SuperTalk Blog

Rehabilitation in Superannuation - Yes or No?

 


Rehabilitation in Superannuation - Yes or No?

A recent superannuation round-table discussed at length the role of prevention and rehabilitation in insurance.

The focus was on the role insurers could play in identifying policyholders who were, for example, at risk of mental illness or suicide and put in place preventative measures. Similarly, early intervention and proactive rehabilitation were said to be important claims management tools.

Such measures would have the intention of improving policyholder well-being and reducing the number and size of claims. All sound policy settings.

But what about insurance within superannuation? What is the role of superannuation funds and group insurers in preventing injuries and illnesses amongst their members and trying to rehabilitate those who cannot work and whose retirement incomes may be compromised?

The answer so far is not much.

Nearly 15 million Australians have superannuation; almost all Australians of working age. The vast majority have death, Total and Permanent Disability (TPD) and/or income protection insurance in some form, accounting for 70% of all life insurance held by Australians.

Accordingly, superannuation funds and their life insurance partners have a very large captive audience and are thereby well placed to have some influence on member behaviour on issues such as suicide prevention and tackling obesity. In managing disability claims, they could have a substantial impact on members health outcomes and incapacity for work by offering rehabilitation and retraining.

However, currently superannuation funds and insurers are hamstrung in their ability to offer support to members.

The Health Insurance Act 1973 prohibits life insurers (and general insurers) from paying for medical treatment that may otherwise be payable under Medicare or by a private health provider. This means that life and general insurers cannot pay for most medical services to treat superannuation fund members’ injuries/illnesses or to fund many medical-related rehabilitation services.

Insurers can and some do offer retraining services as part of income protection benefits, with a view to retraining claimants into the paid workforce and thereby reducing or ceasing ongoing income protection payments.

The same applies to TPD benefits that include retraining as part of the definition.

However, under the Superannuation Industry (Supervision) Regulations 1994 (SIS), trustees offering TPD benefits under MySuper-compliant funds must offer TPD benefits consistent with the definition of permanent incapacity which does not currently include a retraining clause in the definition.

This definition of TPD has been interpreted in Australian courts over the years, some of which have grappled with what level of retraining can be taken into account in assessing a claimant’s eligibility for the standard TPD benefit.

The courts have generally settled upon consideration of occupations that would require de minimus (minimal) retraining, as opposed to occupations that the claimant does not have the skills to perform and would require substantial retraining (see Hannover Re and United Super v Dargan, NSW Court of Appeal).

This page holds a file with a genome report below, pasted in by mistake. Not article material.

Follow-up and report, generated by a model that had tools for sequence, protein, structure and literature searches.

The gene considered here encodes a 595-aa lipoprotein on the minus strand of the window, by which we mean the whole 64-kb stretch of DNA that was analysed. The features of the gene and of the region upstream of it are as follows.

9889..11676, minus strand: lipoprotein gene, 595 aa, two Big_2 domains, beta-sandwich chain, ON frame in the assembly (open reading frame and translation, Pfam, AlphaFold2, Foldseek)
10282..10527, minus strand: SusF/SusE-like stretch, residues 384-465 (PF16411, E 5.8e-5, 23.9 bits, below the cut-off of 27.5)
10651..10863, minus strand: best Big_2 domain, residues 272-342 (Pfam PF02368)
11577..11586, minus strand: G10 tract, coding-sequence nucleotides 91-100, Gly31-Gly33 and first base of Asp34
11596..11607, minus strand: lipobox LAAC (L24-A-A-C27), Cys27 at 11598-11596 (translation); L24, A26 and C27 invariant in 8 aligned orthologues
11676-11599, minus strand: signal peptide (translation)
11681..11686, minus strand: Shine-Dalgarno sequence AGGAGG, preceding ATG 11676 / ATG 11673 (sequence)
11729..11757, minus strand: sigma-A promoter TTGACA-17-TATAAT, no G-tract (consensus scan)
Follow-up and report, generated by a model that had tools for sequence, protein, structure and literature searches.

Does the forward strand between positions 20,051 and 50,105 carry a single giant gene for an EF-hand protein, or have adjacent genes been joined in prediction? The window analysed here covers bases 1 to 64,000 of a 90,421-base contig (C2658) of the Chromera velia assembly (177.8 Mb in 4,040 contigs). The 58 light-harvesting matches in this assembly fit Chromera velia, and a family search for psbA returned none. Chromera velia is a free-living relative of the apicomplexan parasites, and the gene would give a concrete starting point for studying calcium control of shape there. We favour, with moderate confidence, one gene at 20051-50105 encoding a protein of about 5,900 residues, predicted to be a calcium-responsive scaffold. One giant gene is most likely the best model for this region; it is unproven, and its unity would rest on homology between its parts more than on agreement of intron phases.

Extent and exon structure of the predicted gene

This approach has caused consternation in the industry with some pointing to examples of claimants being paid TPD benefits and then retraining and returning to work. It is said that this is not consistent with the design of TPD benefits within superannuation, namely to top up the retirement incomes of those whose working lives are cut short because of disability.

Some commentators have pointed to this as contributing to the rise in claims and the adverse claims experience of group insurers in the last 5 years.

Rising premiums leading to account erosion has come in for media criticism in the last few years and has attracted the attention of government and regulators.

Insurance within superannuation has been an integral part of the retirement incomes system in Australia providing cost-effective insurance against Australians having their working lives cut short because of injury or illness and thereby not having enough money to live off in retirement.
However, that insurance comes at a premium cost and it is essential to ensure that the benefits remain fit for purpose and value for money.

Prevention and rehabilitation/retraining fit well within the policy setting for insurance benefits within superannuation. They can reduce the incidence and period of incapacity which will in turn enhance the ability of members to work and continue to accrue superannuation during their working lives, whilst providing a safety net for those whose working lives are genuinely cut short because of injury or illness.

Accordingly, it is submitted that legislative amendments are appropriate to enable super funds and insurers to offer limited rehabilitation and retraining and that the definition of TPD and permanent incapacity in the SIS legislation should be amended to include a reasonable retraining clause.

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